The history of the favelas

The favelas originated about a hundred and fifty years ago, when the slaves who had just been liberated were sent out there in the world to… nothing. They needed to settle down somewhere and they did wherever they found the space. The favelas knew their second wave of growth in 1897, when 20,000 war veterans were brought from Bahia to Rio but not given any proper place to live. The third growth happened during the housing crisis in 1940, and the fourth, the appearance of the “modern” favelas, 30 years later when people from the country side started their migration to the city. The favelas were built generally on the hills, in the forests, and the word “favela” itself comes from the name of the native trees of these places.

The situation is pretty ironic, as now the best views of the city are from these hills, and in other metropolis these would be the most expensive and sought after spots. The people of the favelas see spectacular sunsets and sunrises and have beautiful views of the beaches and the city. In some places there are huge condominiums springing up overnight close to the beach, hence blocking the view from up the hill. The people in the favelas are not happy about it. After all, they were there first! 🙂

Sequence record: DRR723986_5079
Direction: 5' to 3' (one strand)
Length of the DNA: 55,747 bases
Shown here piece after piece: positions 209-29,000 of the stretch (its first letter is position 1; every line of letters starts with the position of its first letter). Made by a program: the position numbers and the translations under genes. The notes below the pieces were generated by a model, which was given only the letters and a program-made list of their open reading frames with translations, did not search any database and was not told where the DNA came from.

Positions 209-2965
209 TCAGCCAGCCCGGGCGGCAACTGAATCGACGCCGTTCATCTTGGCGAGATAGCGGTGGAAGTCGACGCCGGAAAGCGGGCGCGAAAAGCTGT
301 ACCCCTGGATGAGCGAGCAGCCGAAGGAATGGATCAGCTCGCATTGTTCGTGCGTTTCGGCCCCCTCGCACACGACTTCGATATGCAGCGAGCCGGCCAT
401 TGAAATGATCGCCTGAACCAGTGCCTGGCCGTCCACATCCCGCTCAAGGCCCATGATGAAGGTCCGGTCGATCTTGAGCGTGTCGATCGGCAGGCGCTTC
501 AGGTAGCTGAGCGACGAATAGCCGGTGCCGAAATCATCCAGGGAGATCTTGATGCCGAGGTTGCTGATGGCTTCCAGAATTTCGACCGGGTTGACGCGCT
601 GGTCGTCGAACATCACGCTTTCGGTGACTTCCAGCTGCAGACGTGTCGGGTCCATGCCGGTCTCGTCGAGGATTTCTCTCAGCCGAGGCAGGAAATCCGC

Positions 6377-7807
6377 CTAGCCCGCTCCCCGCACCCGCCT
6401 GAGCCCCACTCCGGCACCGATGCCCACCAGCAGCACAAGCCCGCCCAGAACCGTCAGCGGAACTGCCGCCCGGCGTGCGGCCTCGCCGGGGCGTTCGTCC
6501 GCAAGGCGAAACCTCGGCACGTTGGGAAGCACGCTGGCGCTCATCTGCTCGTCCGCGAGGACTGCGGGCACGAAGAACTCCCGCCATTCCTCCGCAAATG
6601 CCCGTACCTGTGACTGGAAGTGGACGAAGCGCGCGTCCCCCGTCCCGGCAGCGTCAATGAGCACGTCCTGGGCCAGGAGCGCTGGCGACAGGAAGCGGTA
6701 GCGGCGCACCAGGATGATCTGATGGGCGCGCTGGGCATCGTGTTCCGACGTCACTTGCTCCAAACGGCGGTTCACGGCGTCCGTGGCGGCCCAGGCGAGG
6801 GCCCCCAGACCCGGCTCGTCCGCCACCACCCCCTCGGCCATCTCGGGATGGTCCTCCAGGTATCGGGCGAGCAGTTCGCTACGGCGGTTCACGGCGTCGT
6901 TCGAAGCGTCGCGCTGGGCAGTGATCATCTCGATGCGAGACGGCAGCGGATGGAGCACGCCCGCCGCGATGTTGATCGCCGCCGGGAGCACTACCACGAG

In any event, at first nobody was too concerned about the appearance of the favelas, as they were not thought to last very long. Soon enough though it became clear they were not going anywhere. They started to grow more in number and size, and they soon took a life of their own. The acute need for money made it so easy for drugs to penetrate and drug cartels soon became the controlling forces in the favelas. “No rules” turned into “our rules”, and “our” was the drug lords.

We read and heard many facts and figures about the drug lords and their terrible ways of ruling the favelas. The money some of them make can go up to 6 digits a month, and the atrocities they commit to punish and set examples are akin to scenes from some of the most violent Korean movies. Unfortunately the situation does not look like it might change soon. Many of these lords are wanted by the authorities and there are big prices on their heads… but as we have been told, “they are hiding in plain daylight. People know where they are, yet no one dares to talk. What are they gonna do? Denounce them and then take the money and fly straight to NASA to get on the first racket out to the Moon? Cause there’s no way they will be able to continue living on this Planet again, there is no rabbit or snake hole they could hide in and not be found.”


The favelas today